Sustainability as Sacred Action

The common bond that unites druids, and other earth-centered spiritual paths, is a deep respect and reverence for the living earth. We celebrate the turning wheel of the seasons, we revere the plants, and we speak to the forest spirits.  But what does having that connection with nature mean, and how can we deepen that connection into every aspect of our lives? How can we ensure our actions nourish, nurture and support in all ways?


Aster flower in late summer
Aster flower in late summer

For my own practice of druidry, building a more sustainable life and teaching others about sustainability and permaculture, is my cornerstone. Why? First, because the more deeply in tune with the natural world I’ve become through my druidic practices, the more I’ve realized that my own relationship with the land started out more passively damaging than actively nurturing.  How could I say I followed an earth-based path when I engaged in so many practices that were destructive—even  if I didn’t realize/intend they were destructive?  When I purchased products that supported companies actively damaging the land, harming my fellow humans, and so forth?  With this series of realizations, I began to radically shift my own life to align my daily life with my spiritual belief; this process is ongoing. For anyone who has been attempting to live more sustainably, the odds are stacked against us in a culture of consumption—but it is possible with knowledge, determination, and a community of support.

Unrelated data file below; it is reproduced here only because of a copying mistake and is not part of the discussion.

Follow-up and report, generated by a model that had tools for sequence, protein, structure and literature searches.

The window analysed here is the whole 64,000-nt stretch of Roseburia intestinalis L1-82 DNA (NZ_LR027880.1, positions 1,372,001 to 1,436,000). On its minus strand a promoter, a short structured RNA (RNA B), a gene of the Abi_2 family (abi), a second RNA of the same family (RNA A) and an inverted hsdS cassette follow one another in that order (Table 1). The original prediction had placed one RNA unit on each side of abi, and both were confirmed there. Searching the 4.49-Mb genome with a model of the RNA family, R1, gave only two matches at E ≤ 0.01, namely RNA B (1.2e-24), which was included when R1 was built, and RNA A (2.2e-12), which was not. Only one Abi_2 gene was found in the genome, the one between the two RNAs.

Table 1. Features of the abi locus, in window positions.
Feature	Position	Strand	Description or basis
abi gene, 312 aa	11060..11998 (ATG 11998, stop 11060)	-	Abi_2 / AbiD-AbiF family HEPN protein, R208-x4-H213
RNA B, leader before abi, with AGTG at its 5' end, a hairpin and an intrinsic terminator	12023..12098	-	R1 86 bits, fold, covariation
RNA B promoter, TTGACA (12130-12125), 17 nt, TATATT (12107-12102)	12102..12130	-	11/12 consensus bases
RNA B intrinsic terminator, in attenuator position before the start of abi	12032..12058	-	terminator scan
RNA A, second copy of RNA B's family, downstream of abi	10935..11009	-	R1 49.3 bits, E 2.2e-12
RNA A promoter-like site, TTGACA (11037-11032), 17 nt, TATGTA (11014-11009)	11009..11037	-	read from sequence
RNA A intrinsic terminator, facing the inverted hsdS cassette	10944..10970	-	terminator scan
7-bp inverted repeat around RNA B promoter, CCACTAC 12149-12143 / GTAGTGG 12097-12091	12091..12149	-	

As druids, the land speaks to us in important and informative ways. The land of the two communities where I have spent the most time—South-East Michigan, where I live now, and Western Pennsylvania, where I grew up, has much to teach us about the need for sustainable living. These connections helped shape my path.


In south-east Michigan, we are truly “on the front lines” of many of the energy and post-industrial challenges that we face in the world. These challenges include a declining industrialized society with dwindling resources, increased illiteracy and poverty in both rural and urban areas, rampant environmental destruction for cheap energy (such as fracking and oil pipelines), an automobile industry pushing in unsustainable directions, and local government structures that seem to hold the economy as sacred at the disregard of everything else. This situation has prompted many of us here to more carefully pay attention, to become informed, to learn from each other, and to ultimately begin to build communities that are more sustainable.


Nature's bounty - the crab apple!
Nature’s bounty – the crab apple!